Cop 28 30 Nov – 12 Dec 2023, Dubai (UAE).  Main Page

IBFAN GIFA  Statement

Innovative financing for a gender-equitable first-food system to mitigate greenhouse gas impacts of commercial milk formula: investing in breastfeeding as a carbon offset. Frontiers:Julie P. Smith1*Bindi Borg1Alessandro Iellamo2Tuan T. Nguyen3Roger Mathisen3


Great to see that Tuan Nguyen was able to present the GreenFeeding tool and Mothers Milk Tool to Dr Tedros at a side event COP28 Health Day.

The Corporate-led food system has to be transformed

The notion that the current corporate-led food system is not only safe, but is the only feasible way forward – must be challenged and is why IBFAN takes an active part in negotiations at Codex, the UN Global standards setting body.  We expose how multi-billion dollar health-harming industries are undermining confidence in sustainable local agriculture, breastfeeding and biodiverse food systems,  pushing instead the global trade of all manner of risky ultra-processed foods and novel products as the solution to the climate crisis.  Much of this misleading marketing is channeled through social media and influencers and targets mothers.

In emergencies breastfeeding keeps children alive

“UNICEF’S vision for breastfeeding is founded on the understanding that breastfeeding is not a one-woman job; that making it work requires government leadership and support from families, communities, workplaces and the health system. “   UNICEF  USA in Action

“Evidence shows that pregnant and lactating women, newborns, children, and adolescents are particularly vulnerable to climate change due to their unique stages in the life course. Despite contributing the least to greenhouse gas emissions, newborns, children, and adolescents today and future generations will bear the worst consequences during their lifetime. Newborns and younger children, including those unborn, are uniquely at risk because they breathe faster, have higher metabolic rates, and are developing their immune systems, amongst other physiological, developmental, and behavioural vulnerabilities.”  

Infant and young child feeding in emergencies: A third of the victims of war are children and almost a million are born each year as refugees. For them, hunger and communicable diseases defy all international goals and targets. IBFAN and partner NGOs work  in countries  hit by climate-related flooding where poor sanitation, malnutrition and disease outbreaks are hitting children under five the hardest. Babies are at great risk of water-related diseases, with diarrhoeal disease the second biggest killer of under-fives. Commercial donations of baby feeding products exacerbate these problems and undermine the efforts to protect breastfeeding.

          Dr Marcos Arana, IBFAN Mexico calls for more empathy:

“The most vulnerable members of our society are the ones hardest hit by pandemics and emergencies: people in the global south, those living in poverty or with disabilities, the elderly and the very young. Adversity strikes those who have the least and pollute the least, as well as those who have inhabited this planet for the shortest time.   The beginning of human life is when breastfeeding stands out as the most reliable and sustainable food system, mitigating and adapting to the effects of climate change. Breastfeeding is also one of the main axes for the development of empathy, which is the antidote to violence. Empathy is also essential for all of us to develop  new ways of inhabiting this planet.”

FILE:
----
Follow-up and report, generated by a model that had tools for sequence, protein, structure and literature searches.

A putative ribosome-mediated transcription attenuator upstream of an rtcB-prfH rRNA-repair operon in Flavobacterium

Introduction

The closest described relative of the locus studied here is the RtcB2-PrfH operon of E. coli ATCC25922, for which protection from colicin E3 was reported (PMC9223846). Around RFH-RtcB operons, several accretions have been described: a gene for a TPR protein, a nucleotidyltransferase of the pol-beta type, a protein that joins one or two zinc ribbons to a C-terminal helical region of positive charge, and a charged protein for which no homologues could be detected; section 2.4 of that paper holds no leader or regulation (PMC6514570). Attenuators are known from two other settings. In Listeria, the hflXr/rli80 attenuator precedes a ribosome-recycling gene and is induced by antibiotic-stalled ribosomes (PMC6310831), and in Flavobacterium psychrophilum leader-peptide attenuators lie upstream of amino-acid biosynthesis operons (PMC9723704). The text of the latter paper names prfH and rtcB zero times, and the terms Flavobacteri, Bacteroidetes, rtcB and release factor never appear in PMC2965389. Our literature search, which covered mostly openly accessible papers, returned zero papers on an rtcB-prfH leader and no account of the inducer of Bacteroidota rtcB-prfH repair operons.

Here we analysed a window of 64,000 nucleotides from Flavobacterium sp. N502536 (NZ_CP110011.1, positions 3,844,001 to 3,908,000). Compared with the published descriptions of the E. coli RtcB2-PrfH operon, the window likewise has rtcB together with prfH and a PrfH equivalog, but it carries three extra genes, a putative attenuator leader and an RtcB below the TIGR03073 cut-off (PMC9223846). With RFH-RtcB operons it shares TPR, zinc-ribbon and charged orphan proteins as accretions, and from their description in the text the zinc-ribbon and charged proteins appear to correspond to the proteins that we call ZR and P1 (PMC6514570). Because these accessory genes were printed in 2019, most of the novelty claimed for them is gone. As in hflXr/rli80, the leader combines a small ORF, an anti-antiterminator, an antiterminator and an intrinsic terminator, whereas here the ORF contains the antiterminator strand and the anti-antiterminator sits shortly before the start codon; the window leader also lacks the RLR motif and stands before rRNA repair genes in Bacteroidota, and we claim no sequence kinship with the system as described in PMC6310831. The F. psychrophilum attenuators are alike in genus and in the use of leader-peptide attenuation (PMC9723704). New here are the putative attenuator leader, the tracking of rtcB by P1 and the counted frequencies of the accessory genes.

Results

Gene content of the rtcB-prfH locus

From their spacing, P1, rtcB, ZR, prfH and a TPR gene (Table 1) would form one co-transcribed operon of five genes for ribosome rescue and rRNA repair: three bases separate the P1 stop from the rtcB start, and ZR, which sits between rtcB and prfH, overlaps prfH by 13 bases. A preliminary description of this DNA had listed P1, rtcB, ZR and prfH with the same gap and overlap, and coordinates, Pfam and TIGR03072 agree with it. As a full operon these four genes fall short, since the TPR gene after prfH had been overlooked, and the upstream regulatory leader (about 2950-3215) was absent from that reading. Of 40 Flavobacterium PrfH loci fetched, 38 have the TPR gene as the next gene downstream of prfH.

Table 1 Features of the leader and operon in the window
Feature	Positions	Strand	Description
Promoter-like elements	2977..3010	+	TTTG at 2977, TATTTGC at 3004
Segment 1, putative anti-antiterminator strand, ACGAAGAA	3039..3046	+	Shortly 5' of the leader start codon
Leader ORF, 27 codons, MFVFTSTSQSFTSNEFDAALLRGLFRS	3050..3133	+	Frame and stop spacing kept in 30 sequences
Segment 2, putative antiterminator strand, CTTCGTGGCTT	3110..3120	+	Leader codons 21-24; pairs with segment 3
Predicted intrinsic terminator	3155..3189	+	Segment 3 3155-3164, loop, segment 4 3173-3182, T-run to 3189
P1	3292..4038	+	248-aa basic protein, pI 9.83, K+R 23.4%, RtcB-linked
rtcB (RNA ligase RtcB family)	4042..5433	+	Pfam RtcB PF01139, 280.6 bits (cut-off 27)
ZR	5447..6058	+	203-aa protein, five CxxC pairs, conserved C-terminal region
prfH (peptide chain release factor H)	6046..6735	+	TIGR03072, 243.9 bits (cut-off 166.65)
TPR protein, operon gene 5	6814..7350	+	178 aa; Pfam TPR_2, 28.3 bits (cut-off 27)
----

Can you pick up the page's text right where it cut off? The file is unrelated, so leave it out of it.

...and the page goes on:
Dr. Julie Smith, Hon Ass Prof, Australian Centre for Economic Research on Health.
“The most alarming finding in our research is a very large proportion of greenhouse gas emission impact is associated with the so-called growing up milks or toddler formula … In China, nearly half of the sales of milk formula is  toddler formula. For the UK alone, carbon emission savings gained by supporting mothers to breastfeed would equate to taking between 50,000 and 77,500 cars off the road each year”.  
“You meet at time of unprecedented challenges. Conflicts and climate change are exacerbating food insecurity and malnutrition. Most people around the world who have access to food cannot afford healthy diets. Deforestation and habitat loss are increasing the risk of zoonotic pathogens. Anti-Microbial Resistance, environmental contamination and degradation, occupational hazards, unsafe and adulterated foods – the list goes on. A transformation of the world’s food systems is needed urgently, based on a One Health approach that protects and promotes the health of humans, animals and the planet. The Codex Alimentarius has a critical role to play in guiding country regulations that promote health, while facilitating fair trade.  WHO remains committed to working with FAO to develop and deliver high quality scientific advice and evidence-based global food food safety guidelines and standards.”   Dr Tedros Adhanom Ghebreyesus, WHO Director-General welcome address:CAC45


COP27 – Can lessons be learned and the UPF trade controlled?

Breastfeeding and the immune system.  IBFAN briefing

Social media Posters and briefings 


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